Most of my more or less distant ancestors that emigrated went to the US. I have spent quite some time digging into on-line American genealogy resources so I find when its says America in the Moving to-column in the Swedish church books rather exciting.
Also, some of them went to Denmark. Not too bad but I haven’t really had the time to dig that much in the Danish archives. But when it says Germany I feel it might just as well said “the moon” and I quickly turn around and away from that brick wall.
That is way I rolled my eyes when my 26-year old Carolina Blomgren with her six-month baby-girl born out of wedlock Anna Mathilda went to Brandenburg, Germany in 1880. That was the last thing I would see about them I thought.
But then suddenly, weeks later, the leaves began to shake at ancestry.com, record hint about Anna Mathilda. And it was a match.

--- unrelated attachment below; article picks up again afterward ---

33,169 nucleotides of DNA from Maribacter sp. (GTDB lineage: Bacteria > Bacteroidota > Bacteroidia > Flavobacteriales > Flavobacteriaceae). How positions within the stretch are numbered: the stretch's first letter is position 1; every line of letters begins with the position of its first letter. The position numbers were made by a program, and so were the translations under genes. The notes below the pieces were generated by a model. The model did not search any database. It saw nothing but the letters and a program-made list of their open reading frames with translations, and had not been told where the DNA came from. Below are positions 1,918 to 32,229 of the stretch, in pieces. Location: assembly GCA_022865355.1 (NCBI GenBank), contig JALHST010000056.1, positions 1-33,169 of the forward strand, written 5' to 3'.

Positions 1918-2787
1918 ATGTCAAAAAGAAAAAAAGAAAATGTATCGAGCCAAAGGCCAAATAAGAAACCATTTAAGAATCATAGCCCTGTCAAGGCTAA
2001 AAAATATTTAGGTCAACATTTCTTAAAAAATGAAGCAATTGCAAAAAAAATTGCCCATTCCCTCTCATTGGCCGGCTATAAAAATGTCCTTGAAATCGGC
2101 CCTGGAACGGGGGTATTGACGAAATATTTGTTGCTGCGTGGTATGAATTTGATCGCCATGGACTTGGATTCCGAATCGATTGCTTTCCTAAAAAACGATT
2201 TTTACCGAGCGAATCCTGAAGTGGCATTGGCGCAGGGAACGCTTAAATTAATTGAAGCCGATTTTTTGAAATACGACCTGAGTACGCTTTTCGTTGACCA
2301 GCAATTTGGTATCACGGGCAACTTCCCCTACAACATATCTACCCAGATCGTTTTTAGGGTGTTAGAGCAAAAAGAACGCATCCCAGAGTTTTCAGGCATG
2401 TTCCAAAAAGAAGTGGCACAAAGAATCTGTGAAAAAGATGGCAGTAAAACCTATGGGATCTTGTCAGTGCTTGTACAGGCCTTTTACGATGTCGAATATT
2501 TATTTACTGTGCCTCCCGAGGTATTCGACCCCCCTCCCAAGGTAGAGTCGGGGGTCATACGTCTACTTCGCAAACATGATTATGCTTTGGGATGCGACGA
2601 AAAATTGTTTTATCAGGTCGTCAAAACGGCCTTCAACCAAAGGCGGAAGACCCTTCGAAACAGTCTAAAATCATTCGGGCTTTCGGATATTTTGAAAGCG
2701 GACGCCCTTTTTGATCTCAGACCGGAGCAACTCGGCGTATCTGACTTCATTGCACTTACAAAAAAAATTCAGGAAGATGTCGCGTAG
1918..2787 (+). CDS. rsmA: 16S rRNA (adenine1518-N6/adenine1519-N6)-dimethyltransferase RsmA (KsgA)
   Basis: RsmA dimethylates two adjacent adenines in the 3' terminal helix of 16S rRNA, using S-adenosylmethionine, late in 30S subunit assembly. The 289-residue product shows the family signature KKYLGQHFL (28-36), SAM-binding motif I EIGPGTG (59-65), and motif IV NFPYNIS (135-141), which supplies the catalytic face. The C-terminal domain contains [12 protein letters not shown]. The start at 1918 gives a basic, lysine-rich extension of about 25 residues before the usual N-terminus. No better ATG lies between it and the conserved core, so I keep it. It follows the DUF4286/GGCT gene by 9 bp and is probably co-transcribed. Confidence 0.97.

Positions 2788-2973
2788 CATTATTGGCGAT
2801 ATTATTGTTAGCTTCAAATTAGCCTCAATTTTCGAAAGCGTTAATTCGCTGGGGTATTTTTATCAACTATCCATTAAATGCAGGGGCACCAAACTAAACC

Anna Mathilda Blomgren, born in Karlskrona, Sweden, November 16 in 1879 on October 22 in 1904 married Ferdinand Friedrich Christian Krüger in Prenzlau, Brandenburg, Germany. The record also states she is the daughter of Karolina Hangohr, born Blomgren.
Suddenly I find some more matching records. Ferdinand dies in December 1916 and Anna Mathilda married Johan August Max Lasser on May 2 in 1919.
I notice that in some records Blomgren is spelled Blumgrenn and that generates even more records. Carolina had a son, Wilhelm Ernst Hangohr in 1884. And he got married in Berlin 1909 to Johanna Ernestine.
Thanks to that first marriage record, my German immigrants doesn’t feel like such a big brick wall anymore.
The databases on Ancestry.com where I found the information:
Prenzlau, Germany, Marriages, 1874-1923
Prenzlau, Germany, Births, 1874-1901
Berlin, Germany, Marriages, 1874-1920